AZED CROSSWORD 1489
1. J. R. Tozer: I’m highly political – that’s form for one involved in marches (bench for I in frontier).
2. R. J. Whale: Cook R (cf. Benn T) – he or another Labour minister? (anag.; ref. Robin C., Tony B.).
3. R. Hesketh: Blind Pew turned on Hawkins, for instance (front bench + re (rev.); blind (noun); ref. ‘Treasure Island’ and Nick H., Tory front-bench spokesman for Home Affairs).
M. Barley: Top politician Bush’s inauguration – you’ll find CNN there for broadcast covering it (B in anag.).
Rev Canon C. M. Broun: It’s possibly confusing, Brethren not using any minister (anag. less using).
E. J. Burge: French T-bone restrictions initially upset minister? (anag. incl. r; ref. French ban on UK beef).
B. Burton: Female minister completely disheartened: ‘Have French been deserted by English, dear Mr Prescott?’ (F, r + ont (Fr.) + be(E)n + cher; ref. John P.’s encounter with Mme Voynet at The Hague conference).
D. A. Campbell: Two Jags, maybe, with Vanguard and SEAT (Spain) right behind (front bench E r; ref. J. Prescott’s nickname).
N. C. Dexter: Name for Brown – the CE, New Labour, say (anag. of n for br the CE n, & lit; ref. Gordon B.; labour vb).
H. Freeman: —— i.e. … term for Gordon Brown, often squirming next to Blair? (anag. incl. n, br + Cher(ie), & lit.; ref. C. Blair).
C. R. Gumbrell: See Benn linked with Thatcher for having worn this hat (comp. anag. & lit.).
T. Jacobs: A person like Darling Dickie – far from truly intimate, dear (front + (far) ben (qv) + cher; ref. Alistair D., Richard Attenborough).
D. W. Mackie: Brethren, including elements of old and new church, perturbed after female’s instated as minister (f + anag. incl. o, n, c).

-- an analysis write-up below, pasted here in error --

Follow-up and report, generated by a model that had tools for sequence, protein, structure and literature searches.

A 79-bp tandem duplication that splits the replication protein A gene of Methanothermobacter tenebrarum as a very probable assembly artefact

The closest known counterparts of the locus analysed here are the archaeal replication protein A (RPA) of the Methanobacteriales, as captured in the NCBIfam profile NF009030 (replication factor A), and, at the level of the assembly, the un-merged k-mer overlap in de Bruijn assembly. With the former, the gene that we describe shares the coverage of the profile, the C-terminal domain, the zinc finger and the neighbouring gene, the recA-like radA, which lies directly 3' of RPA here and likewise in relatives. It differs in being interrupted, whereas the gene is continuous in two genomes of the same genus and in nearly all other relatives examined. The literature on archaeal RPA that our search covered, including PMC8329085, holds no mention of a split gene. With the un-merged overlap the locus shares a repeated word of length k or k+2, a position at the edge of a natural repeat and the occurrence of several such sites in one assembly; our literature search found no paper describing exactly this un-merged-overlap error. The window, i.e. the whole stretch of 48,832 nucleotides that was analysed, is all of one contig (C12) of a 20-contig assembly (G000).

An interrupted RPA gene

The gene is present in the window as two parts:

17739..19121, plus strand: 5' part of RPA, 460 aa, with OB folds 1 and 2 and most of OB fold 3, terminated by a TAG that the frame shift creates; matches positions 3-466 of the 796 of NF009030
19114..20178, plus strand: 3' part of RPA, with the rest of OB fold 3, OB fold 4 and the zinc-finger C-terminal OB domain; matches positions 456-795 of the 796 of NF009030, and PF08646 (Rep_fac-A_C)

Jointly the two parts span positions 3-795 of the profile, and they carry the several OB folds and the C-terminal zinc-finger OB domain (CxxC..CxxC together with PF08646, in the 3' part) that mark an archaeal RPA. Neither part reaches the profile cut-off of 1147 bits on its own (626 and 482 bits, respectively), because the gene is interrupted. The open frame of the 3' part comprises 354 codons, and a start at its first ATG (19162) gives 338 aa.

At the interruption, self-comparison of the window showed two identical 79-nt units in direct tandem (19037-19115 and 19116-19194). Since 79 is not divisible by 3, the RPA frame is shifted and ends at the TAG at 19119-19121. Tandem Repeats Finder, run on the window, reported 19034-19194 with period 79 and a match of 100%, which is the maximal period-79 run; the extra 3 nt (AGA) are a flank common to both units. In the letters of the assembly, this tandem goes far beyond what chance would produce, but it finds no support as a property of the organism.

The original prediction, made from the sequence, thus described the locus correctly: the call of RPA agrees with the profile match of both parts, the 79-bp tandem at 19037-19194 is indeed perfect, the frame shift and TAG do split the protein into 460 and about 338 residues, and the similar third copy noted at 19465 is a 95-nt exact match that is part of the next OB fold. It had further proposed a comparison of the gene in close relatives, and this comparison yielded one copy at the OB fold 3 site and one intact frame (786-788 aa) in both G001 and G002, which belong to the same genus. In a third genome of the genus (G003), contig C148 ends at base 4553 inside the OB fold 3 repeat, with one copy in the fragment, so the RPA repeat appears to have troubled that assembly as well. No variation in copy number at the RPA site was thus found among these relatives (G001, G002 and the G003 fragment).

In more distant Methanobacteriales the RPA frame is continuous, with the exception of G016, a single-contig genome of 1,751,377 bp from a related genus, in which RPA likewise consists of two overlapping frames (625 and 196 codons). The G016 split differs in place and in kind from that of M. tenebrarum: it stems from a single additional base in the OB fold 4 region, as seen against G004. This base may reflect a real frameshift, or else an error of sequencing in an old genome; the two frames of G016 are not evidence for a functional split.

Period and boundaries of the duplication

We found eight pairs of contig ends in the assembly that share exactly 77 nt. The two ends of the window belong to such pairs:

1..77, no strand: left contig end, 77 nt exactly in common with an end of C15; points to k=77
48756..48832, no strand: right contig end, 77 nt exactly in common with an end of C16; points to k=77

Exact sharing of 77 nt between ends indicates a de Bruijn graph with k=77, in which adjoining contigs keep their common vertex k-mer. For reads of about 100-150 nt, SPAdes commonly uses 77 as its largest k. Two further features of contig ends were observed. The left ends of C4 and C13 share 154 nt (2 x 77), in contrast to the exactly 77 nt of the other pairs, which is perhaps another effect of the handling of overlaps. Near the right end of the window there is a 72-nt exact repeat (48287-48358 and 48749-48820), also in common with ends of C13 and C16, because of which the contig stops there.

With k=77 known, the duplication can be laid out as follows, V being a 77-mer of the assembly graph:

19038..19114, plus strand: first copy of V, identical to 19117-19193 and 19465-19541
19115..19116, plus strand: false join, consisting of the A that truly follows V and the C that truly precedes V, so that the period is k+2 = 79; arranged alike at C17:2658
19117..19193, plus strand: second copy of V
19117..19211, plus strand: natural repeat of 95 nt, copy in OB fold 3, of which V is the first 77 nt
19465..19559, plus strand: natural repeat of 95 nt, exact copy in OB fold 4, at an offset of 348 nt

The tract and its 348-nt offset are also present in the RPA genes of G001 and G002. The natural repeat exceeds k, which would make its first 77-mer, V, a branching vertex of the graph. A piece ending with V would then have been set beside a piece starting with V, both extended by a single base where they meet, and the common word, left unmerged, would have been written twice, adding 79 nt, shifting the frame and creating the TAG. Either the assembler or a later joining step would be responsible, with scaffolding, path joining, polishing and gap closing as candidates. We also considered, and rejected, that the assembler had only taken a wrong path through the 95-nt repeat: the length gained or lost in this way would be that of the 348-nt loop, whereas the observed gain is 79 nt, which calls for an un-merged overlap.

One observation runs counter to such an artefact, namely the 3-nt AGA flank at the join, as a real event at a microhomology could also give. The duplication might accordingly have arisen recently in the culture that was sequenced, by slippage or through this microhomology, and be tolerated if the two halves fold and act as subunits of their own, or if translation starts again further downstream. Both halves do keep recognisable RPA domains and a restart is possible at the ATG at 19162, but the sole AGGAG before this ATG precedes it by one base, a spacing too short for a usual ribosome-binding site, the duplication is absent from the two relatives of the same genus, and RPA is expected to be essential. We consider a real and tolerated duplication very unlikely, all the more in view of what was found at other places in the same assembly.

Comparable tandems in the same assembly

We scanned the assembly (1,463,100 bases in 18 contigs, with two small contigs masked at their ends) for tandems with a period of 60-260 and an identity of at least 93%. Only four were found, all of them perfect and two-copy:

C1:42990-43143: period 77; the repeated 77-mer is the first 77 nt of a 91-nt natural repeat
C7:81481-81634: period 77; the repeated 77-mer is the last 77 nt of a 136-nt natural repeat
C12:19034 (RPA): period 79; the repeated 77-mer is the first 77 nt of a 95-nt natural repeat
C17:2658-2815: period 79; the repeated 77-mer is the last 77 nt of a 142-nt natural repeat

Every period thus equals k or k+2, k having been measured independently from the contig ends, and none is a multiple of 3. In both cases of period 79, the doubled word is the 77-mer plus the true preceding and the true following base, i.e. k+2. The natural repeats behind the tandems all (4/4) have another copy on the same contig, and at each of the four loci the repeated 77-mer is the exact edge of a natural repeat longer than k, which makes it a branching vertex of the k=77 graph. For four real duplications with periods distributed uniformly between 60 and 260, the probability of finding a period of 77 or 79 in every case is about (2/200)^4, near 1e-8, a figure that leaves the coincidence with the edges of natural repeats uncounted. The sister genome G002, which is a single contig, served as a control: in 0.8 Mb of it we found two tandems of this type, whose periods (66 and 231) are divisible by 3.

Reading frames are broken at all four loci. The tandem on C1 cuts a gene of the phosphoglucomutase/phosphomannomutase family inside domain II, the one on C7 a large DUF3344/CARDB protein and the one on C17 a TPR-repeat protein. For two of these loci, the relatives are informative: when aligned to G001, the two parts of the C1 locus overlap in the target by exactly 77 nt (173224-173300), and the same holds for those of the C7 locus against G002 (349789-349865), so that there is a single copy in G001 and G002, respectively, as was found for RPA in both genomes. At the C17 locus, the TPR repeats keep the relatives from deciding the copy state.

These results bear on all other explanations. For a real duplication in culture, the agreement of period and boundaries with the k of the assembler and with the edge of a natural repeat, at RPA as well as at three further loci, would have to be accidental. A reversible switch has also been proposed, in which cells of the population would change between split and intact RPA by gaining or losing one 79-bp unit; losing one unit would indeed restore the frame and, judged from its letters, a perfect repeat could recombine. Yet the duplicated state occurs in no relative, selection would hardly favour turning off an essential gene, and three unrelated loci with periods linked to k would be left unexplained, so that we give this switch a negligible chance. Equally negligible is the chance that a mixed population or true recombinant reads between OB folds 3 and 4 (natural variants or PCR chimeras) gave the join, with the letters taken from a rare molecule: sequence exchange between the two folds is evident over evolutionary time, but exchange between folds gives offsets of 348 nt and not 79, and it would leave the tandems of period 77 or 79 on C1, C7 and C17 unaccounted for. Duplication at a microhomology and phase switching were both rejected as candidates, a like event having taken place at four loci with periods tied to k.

P. W. Marlow: Foot or Benn etc, leading character in House, when recollected? Right! (f + anag. incl. H + r, & lit.).
C. J. Morse: Leading MP applies Robespierre’s language about top-heavy consumption to our queen (on TB in French + ER; ref. current republican stirrings).
F. R. Palmer: Maybe Prescott’s tone getting French upset with British? (anag. incl. Br.; ref. John P. at EU conference).
R. J. Palmer: Foot, T. Benn or frightful Thatcher’s no longer that (f + anag. + (That)cher, & lit.).
D. J. Short: Position for T. Benn and Thatcher that’s on no more (anag. + (That)cher, & lit.).
Mrs J. E. Townsend: Minister gets seat in marginal after ousting Independent (bench for I in frontier (adj)).
Ms S. Wallace: Leading member savaged T. Benn for taking on church and sovereign (anag. + ch. + ER).
L. Ward: It’s strange for T. Benn and Thatcher to reject that minister of Blair’s? (anag. + (That)cher).
A. J. Wardrop: French, mostly très bon, volatile? Cook fits this description (anag. less s; ref. Robin C.).
D. C. Williamson: ——, Tory or otherwise, might be seen as Thorneycroft reborn (comp. anag. & lit.; ref. Peter T.).
D. Appleton, W. G. Arnott, W. A. Bentham, J. R. Beresford, K. P. Boughton, C. J. Brougham, B. Butcher, C. J. & M. P. Butler, B. Cheesman, C. A. Clarke, E. Cross, G. Cuthbert, D. J. Dare-Plumpton, V. Dixon, A. J. Dorn, D. Durrance, C. M. Edmunds, H. Everett (Verwood), R. E. Ford, P. D. Gaffey, G. I. L. Grafton, Mrs E. Greenaway, R. R. Greenfield, R. J. Heald, G. Johnstone, Mrs J. Mackie, B. MacReamoinn, D. F. Manley, J. McGhee, R. Murdoch, M. O’Hagan, C. Pearson, D. Pendrey, D. Price Jones, A. Roth, J. H. Russell, M. Sanderson, Mrs E. Shields, N. G. Shippobotham, R. G. Smith, P. L. Stone, P. Thacker, J. S. Witte, W. Wynne Williams, Dr E. Young.